Visiting Friends, Relatives Will Power Post-Pandemic Travel

The future of travel is unknown, but one thing is for certain: the world will change. With a pandemic threatening to wipe out humanity and an uncertain future, we need to start thinking about how we’ll get around when the world goes dark.

The where can americans travel is a question that has been asked by many people. The United States Government has released a list of countries where Americans are allowed to travel to.

After more than a year of being confined to their homes and restricted from traveling both domestically and internationally, travelers’ interests have changed dramatically.

According to new study from renowned data and analytics firm GlobalData, people’s yearning to reconnect with family and friends in person may be even stronger than their pent-up desire for leisure trips. Its results indicate that VFR excursions (seeing friends and relatives) will be a key driving factor in the global travel industry’s revival, and tourism operators should not underestimate their impact.


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“GlobalData’s forecasts suggest that visiting friends and relatives (VFR) travel will experience higher growth, with a 17-percent compound annual growth rate (CAGR) between 2021-25, compared to leisure, growing at a 16.4-percent increase between the same time period,” said Johanna Bonhill-Smith, Travel & Tourism Analyst at GlobalData. “While VFR will not surpass the number of international leisure getaways, it will play a vital role in travel’s recovery, with 242 million international departures expected to be taken for this purpose by 2025.”

According to GlobalData’s Q3 2019 consumer survey, VFR was the second-most popular travel option (46 percent) among worldwide respondents in 2019, behind only “sun and beach vacations” (58 percent).

While we would anticipate visitors to take their first chance to escape to the sea and sand locations they’ve been deprived of for so long after spending 18 months cooped up at home and tied to the humdrum, Reuniting with friends and family who may have been separated due to travel restrictions is likely to be a higher priority for many individuals, according to GlobalData.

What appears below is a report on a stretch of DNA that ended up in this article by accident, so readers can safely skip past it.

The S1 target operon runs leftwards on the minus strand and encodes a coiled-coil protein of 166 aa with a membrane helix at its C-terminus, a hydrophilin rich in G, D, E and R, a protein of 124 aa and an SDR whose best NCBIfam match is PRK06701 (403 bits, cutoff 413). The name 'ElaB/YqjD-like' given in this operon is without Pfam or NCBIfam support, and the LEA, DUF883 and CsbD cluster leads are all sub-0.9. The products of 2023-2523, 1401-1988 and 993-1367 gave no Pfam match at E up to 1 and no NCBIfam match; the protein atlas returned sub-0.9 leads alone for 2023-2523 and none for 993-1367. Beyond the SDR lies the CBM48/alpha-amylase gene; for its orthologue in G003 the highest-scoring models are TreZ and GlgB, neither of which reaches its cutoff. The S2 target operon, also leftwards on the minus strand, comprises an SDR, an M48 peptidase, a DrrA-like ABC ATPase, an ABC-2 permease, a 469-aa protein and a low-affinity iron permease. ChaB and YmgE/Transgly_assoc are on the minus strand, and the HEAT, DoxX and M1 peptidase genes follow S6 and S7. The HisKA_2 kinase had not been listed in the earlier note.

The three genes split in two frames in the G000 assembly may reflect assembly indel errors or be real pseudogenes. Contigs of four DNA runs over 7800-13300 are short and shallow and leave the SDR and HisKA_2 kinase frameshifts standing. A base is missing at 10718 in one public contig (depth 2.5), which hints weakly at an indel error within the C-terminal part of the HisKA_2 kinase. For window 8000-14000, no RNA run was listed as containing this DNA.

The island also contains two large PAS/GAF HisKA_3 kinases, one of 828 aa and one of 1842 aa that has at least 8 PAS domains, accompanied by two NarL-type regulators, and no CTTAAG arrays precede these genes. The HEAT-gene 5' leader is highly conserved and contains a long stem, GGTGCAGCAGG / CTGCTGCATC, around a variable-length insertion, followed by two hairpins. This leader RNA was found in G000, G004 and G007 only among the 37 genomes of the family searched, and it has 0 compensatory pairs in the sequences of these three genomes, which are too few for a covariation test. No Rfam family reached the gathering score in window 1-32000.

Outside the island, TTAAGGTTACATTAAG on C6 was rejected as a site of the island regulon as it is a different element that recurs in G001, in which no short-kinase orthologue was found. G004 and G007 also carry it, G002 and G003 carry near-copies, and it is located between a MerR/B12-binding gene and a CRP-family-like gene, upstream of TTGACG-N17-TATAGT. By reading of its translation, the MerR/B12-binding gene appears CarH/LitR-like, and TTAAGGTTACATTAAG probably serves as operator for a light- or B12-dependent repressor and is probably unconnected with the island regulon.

VFR’s dominance in the travel environment is also determined by the source market. In the United States, 53% of tourists make this kind of vacation their top priority. In Australia, 52 percent of respondents agreed, while 49 percent in Canada, 64 percent in India, and 60 percent in Saudi Arabia said the same.

A GlobalData graphic illustrating travel trends revealed in a Q2 2021 survey. A GlobalData graphic depicting travel patterns discovered in a study conducted in Q2 2021. (Photo credit: GlobalData)

“According to a more recent GlobalData study, 83 percent of worldwide respondents were ‘extremely’, ‘quite’, or ‘slightly’ worried about limits on socializing with friends and family,” Bonhill-Smith added, referring to the company’s Q2 2021 consumer survey. “Platforms like Zoom, Facebook, and WhatsApp have allowed customers to connect electronically, but it’s still not the same as hugging a family member or sitting down together,” she said.

GlobalData’s results prompted it to recommend that global locations, tourist organizations, and travel-related companies seeking to re-attract visitors concentrate on assisting loved ones in reuniting. Bonhill-Smith gave some ideas of how they might go about it: “Destinations may grant special visas or conditions to facilitate family reunification. Airlines should guarantee that popular VFR routes are among the first to be restored, and hotels and attractions may provide family discounts and incentives. All businesses in the travel industry might benefit from a deeper knowledge of the tourist market.”